Lord Raglan,

The Hero,

A Study of Tradition, Myth and Drama,


London, 1936.


The Pattern of the Hero's Life from pp 179/80



1. The hero's mother is a royal virgin

2. His father is a king and

3. Often a near relative of his mother, but

4. The circumstances of his conception are unusual and

5. He is reputed to be a son of a god.

6. At birth an attempt is made, usually by his father or his maternal grandfather, to kill him but

7. He is spirited away, and

8. Reared by foster parents in a far country.

9. We are told nothing of his childhood but

10. On reaching manhood he returns or goes to his future kingdom.

11. After a victory over the king and/or a giant, dragon, or wild beast

12. He marries a Princess, often the daughter of his predecessor and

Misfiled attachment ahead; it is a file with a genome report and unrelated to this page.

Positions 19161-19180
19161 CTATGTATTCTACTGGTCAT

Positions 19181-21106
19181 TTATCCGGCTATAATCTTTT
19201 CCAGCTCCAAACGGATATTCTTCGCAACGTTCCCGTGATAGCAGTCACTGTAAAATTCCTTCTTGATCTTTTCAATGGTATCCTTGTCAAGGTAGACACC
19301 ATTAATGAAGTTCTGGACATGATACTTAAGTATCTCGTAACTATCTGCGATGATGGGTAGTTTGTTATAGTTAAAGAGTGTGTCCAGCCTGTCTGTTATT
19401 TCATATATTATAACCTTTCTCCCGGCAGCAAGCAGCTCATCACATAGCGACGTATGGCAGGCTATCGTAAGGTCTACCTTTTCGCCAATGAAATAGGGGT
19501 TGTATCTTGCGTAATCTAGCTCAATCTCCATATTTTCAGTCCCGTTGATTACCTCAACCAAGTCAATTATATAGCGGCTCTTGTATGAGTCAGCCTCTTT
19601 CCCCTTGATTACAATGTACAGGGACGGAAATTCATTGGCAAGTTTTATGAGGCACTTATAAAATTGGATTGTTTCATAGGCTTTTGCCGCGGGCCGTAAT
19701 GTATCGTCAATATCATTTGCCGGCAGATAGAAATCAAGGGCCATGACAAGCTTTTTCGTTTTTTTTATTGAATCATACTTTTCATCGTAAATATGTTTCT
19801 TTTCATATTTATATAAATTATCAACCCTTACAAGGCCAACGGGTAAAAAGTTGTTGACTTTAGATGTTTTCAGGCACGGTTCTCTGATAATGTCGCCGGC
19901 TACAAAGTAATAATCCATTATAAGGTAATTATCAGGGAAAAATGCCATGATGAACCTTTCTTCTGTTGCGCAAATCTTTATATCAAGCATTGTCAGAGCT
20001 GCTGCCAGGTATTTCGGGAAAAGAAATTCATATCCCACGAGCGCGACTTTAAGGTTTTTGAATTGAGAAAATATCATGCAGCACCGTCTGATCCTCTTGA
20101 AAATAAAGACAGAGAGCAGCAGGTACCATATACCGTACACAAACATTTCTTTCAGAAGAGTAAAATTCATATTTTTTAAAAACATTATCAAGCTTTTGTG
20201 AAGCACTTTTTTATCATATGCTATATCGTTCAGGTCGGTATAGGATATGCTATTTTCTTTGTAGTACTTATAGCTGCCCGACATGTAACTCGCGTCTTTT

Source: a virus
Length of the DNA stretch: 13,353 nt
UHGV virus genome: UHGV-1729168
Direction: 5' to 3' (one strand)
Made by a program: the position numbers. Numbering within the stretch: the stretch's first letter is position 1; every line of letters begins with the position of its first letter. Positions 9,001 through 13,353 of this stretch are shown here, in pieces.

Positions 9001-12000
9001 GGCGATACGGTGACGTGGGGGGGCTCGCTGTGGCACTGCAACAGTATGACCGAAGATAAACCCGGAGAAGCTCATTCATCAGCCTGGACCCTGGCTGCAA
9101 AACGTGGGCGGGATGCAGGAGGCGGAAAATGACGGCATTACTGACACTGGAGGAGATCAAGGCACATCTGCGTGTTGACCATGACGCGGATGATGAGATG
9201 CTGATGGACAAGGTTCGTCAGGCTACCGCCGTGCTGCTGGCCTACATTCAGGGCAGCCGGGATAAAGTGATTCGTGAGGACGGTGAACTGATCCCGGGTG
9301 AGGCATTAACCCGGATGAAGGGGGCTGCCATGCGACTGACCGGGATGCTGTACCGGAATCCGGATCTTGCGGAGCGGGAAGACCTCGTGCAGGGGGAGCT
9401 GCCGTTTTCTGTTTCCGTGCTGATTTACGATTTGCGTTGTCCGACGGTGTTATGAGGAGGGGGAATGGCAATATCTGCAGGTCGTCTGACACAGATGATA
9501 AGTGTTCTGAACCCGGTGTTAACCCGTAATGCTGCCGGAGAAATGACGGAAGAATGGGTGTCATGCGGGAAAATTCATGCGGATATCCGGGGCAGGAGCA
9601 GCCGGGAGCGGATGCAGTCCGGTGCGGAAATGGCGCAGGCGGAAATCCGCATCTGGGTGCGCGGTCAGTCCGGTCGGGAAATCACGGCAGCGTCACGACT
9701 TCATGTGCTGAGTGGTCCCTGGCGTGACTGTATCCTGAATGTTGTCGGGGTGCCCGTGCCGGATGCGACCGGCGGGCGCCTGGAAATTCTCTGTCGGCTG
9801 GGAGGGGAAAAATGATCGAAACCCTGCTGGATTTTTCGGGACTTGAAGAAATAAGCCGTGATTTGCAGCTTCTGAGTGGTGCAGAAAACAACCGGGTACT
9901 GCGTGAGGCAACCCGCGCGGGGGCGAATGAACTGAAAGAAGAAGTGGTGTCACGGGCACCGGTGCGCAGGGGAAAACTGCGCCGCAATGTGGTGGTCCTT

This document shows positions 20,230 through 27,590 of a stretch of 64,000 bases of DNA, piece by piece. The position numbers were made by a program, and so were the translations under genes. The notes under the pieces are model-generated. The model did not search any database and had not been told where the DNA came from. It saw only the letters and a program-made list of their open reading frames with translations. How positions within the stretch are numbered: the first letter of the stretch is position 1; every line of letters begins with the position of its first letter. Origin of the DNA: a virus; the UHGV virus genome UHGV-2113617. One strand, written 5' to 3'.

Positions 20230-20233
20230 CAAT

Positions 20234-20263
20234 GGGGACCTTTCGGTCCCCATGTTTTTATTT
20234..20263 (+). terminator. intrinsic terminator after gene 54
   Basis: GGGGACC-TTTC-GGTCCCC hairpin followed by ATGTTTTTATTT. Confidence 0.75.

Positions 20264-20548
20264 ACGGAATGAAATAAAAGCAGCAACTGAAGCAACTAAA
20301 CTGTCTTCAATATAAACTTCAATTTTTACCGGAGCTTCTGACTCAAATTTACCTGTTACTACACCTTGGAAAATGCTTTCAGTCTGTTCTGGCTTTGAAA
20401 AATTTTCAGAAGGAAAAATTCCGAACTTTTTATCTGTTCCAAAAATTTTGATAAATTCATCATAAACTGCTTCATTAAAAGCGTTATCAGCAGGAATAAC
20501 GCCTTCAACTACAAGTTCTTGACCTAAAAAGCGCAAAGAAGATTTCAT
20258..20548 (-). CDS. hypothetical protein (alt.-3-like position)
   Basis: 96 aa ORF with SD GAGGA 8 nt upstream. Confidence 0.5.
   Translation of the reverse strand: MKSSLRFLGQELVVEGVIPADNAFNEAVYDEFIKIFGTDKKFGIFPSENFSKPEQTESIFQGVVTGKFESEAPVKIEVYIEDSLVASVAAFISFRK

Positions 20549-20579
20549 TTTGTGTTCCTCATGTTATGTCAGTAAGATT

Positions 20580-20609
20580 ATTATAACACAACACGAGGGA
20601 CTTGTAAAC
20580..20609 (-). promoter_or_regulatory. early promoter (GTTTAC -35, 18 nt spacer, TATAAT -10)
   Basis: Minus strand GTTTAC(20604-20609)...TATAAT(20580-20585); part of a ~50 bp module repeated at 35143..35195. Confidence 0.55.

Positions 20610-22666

13. Becomes King

14. For a time he reigns uneventfully and

15. Proscribes laws, but

16. Later he losses favour with the gods and/or his subjects, and

17. Is driven from the throne and city, after which

18. He meets a mysterious death,

19. Often at the top of a hill.

20. His children, if any, do not succeed him.

21. His body is not buried, but nevertheless

22. He has one or more holy sepulchres..


Applied to Oedipus, Theseus, Romulus, Heracles, Perseus, Jason, Belleraphon, Pelops, Asclepios, Dionysos, Apollo, Zeus, Joseph, Moses, Elijah, Watu Gunung, Nykang, Sigurd or Siegfried, Llew Llawgyffes, Arthur, Robin Hood,